how it should be. If federal government should leave themselves out of it, we don’t need them telling us what we need to do or not do. I respect

Governor Haley very much, but I do disagree with her on this issue. The federal government needs to stay out of it.

The states, we are handling it, albeit a little slowly in South Carolina. But — and as far as consensus is concerned, the Republican consensus is

that we do need restrictions. Now, there is a range of that between zero weeks and 12 weeks. The six weeks I think is the perfect time and the time

period that best suits all parties within the Republican Party. That’s why (INAUDIBLE) for 74.

AMANPOUR: And as you know, the fact shows that the majority of abortions in the United States are within that 12-week, the first — I believe the

first trimester. Anyway, I want to ask you finally another hardline Republican position that the majority of Americans are not behind, and

that, of course, is guns.

Again, on Fox. Fox found background checks for guns have 87 percent support. Requiring mental health checks, 80 percent support. Require 30-day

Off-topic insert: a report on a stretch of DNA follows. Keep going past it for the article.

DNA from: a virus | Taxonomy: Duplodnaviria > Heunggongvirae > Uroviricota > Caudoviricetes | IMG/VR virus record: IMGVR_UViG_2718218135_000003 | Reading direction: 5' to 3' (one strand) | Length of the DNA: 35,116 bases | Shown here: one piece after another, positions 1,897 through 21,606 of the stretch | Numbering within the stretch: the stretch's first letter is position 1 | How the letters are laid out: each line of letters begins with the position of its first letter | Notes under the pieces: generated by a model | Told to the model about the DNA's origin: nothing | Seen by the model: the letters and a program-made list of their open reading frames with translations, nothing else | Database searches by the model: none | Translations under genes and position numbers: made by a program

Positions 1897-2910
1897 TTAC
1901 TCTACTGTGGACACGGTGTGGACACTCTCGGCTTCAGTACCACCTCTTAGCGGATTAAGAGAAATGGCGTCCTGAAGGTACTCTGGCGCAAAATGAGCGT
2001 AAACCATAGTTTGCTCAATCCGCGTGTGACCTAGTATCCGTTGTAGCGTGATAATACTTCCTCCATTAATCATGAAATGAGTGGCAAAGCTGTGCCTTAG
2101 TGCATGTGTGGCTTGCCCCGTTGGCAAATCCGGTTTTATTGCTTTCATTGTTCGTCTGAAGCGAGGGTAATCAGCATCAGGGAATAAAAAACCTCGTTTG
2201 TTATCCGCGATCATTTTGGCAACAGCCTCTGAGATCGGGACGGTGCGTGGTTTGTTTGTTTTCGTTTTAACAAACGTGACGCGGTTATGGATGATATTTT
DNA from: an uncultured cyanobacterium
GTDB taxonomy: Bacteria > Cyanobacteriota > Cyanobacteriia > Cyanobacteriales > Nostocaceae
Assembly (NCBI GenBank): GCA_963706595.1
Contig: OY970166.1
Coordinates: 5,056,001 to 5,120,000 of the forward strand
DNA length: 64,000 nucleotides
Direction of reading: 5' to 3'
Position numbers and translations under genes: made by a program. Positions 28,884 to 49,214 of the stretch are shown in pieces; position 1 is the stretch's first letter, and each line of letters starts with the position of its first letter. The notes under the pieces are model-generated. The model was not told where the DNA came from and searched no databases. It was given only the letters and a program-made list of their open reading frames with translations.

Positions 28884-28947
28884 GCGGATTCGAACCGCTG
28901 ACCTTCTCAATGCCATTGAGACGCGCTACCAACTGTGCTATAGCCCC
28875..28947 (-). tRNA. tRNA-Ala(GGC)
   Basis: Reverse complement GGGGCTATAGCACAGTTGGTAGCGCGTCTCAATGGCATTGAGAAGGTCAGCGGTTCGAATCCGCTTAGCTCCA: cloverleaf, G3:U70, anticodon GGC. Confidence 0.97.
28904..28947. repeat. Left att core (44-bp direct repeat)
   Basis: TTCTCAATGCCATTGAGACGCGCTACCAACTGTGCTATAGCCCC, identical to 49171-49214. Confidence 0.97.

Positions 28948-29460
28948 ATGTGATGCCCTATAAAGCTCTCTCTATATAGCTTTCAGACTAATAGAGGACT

waiting period, 77 percent support. And ban assault rifle, 61 percent support.

So, where does South Carolina stand on what is a clear majority of people and of Republicans on these issues, for sensible gun control?

GUSTAFSON: Well, first of all, I think part of the problem is the word control.

AMANPOUR: Protections then.

GUSTAFSON: We have a lot of people who want to be left alone. And in South Carolina, we have very strong gun ownership. We need to have responsible

gun ownership. I believe in background checks. And to my knowledge, there is no loophole. We have them. You have to have a background check in order

to purchase a gun, firearm.

I tend to disagree a little bit with the national outcry as far as going very, very, very strict toward guns. Down south, where I’m from, a lot of

people raised, they learn how to use a firearm properly and safely and also put it away, a sword on their hip or however. We passed the open carry law

with training two years ago, and it looks like we’re going to be looking at constitutional carry, which doesn’t require permit.

AMANPOUR: All right.

GUSTAFSON: I stand very, very torn about this. My constituents want me to vote yes on constitutional carry. They want me to. It is clear.


GUSTAFSON: The law enforcement does not want it. But we shall see when the bid comes up. I’m still trying to keep my eyes and ears open, my heart open

to that decision.

AMANPOUR: All right. Penry Gustafson, thank you so much. State senator in South Carolina.